Reader, I am delivered of a son.

There was no turning back. Each wave of the publishing cycle brought new terrors ; and also patterns to be discerned. Readers will pardon the notes of exasperation, even desperation, that are sometimes to be seen in the captions : count yourself lucky that you did not have to experience these books at first-hand. The all-time winner remains Gluten for Punishment (mid-April 2013).

mailbag roulette (early summer) : 1 crow, 3 dogs, 5 cats ; If Catfish Had Nine Lives

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mailbag roulette, late spring : 7 cats, 4 dogs, “A Bookmobile Cat Mystery” [niched to death]

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mailbox roulette (late Feb.) : cats 5, dogs 2 ; horses 6 receding [too much sugar ]

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No, just no : the wrathful shade of Harriet Vane will walk

mailbag roulette (November 2013) : 4 dogs, 5 cats, A Bookmobile Cat Mystery [runs screaming into the forest]

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autumn mailbag roulette : cats, dog, bunny, pancakes, orchards, & Chili con Carnage

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end of summer mailbag roulette : cakes and bran ; includes delicious recipes

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mailbag roulette mid-August : Murder of a Stacked Librarian

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mailbag roulette (mid-June) : lace, lingerie, yarn, tulle, cats, dogs, goat (!), & Woof at the Door

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mailbag roulette : mid-April 2013 [N.B. : Cats 6, Dogs 1 ; Gluten for Punishment]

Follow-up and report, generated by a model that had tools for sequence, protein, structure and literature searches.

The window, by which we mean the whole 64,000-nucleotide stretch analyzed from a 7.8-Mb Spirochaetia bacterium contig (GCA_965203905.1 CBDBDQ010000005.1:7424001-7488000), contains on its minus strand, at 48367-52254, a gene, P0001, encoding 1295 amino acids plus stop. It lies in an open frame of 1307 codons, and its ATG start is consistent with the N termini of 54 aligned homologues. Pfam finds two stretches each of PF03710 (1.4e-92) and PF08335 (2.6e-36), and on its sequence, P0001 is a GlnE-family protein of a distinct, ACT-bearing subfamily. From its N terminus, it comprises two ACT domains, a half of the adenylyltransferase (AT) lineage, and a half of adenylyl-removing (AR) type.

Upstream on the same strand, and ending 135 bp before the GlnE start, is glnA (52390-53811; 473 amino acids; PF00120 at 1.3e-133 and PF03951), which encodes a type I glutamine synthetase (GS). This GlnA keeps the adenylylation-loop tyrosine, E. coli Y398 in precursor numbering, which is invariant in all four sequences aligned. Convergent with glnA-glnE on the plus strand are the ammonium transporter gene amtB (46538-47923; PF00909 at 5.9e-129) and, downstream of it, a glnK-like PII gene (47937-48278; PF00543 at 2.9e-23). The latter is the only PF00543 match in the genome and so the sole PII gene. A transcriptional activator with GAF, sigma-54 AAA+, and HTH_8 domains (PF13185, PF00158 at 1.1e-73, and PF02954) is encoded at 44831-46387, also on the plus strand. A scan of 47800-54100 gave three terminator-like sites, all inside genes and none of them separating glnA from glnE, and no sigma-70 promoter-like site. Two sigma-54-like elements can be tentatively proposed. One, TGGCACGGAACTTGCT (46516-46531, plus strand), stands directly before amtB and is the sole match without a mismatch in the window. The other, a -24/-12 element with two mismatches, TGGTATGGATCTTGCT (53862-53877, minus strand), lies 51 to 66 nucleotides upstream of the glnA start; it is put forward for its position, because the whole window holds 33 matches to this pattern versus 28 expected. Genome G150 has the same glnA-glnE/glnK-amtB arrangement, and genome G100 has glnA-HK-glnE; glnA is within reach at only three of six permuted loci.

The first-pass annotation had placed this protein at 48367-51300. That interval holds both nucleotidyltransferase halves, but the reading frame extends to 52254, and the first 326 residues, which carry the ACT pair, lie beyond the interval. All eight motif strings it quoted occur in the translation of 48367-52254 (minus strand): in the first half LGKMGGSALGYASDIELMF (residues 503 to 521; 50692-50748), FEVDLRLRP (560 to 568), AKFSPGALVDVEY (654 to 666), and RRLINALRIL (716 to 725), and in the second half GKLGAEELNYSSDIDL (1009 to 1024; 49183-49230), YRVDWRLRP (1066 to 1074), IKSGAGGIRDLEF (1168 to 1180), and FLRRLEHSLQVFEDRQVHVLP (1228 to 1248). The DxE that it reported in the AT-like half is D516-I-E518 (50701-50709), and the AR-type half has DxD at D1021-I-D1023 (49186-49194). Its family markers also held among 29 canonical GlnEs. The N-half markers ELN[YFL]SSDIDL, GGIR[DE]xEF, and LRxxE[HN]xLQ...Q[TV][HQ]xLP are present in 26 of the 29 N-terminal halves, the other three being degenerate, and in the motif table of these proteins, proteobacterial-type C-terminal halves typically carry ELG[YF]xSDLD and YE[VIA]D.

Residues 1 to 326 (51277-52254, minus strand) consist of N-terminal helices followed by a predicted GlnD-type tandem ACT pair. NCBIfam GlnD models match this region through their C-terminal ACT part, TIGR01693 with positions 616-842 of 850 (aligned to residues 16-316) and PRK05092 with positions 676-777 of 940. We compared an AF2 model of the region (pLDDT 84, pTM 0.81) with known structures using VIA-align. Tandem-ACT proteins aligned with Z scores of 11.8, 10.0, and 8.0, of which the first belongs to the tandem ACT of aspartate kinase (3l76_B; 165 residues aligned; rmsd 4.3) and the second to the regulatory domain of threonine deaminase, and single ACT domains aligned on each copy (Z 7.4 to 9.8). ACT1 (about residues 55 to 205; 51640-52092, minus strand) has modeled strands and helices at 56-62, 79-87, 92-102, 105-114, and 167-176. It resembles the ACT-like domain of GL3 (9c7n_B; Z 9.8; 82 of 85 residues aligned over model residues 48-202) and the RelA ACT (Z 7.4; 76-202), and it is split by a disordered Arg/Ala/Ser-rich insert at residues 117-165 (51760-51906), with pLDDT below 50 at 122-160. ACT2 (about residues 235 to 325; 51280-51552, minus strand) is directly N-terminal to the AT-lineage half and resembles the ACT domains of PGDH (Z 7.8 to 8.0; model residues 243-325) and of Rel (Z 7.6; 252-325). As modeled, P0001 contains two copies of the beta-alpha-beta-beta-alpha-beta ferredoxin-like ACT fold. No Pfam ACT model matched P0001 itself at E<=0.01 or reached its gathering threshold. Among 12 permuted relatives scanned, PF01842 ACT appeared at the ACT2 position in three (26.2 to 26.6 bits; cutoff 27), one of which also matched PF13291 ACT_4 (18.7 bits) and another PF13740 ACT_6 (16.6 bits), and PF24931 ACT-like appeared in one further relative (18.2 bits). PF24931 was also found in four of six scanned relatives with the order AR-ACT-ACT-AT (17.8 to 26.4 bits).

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mailbag roulette, late Feb. : “by the author of Pies and Prejudice” (oh dear ; also note cats & dogs)

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mailbag roulette, Jan. 2013 : cats, dogs, & Brie

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end of year mailbag roulette

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(mail bag) : WTF ! Who reads these books ? Who writes these books ? Why send them to me ?

The imminent disappearance of the Twitpic platform has prompted your correspondent to assemble the several posts headed Mailbag Roulette into a single chronology. And to declare an end to it.

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— Pierre Benoit. L’Atlantide. Roman. Albin Michel, [1919]. Re-read together with the 1920 translation by Mary C. Tongue and Mary Ross, for an essay, “ Fire-Flies in Atlantis, or, The Country of Fear ”, to appear in the autumn issue of Wormwood.

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This creaking and constantly evolving website of the endless bookshelf : I expect that some entries will be brief, others will take the form of more elaborate essays, and eventually I will become adept at incorporating comments or interactivity. Right now you’ll have to send links to me, dear readers. [HWW]

electronym : wessells at aol dot com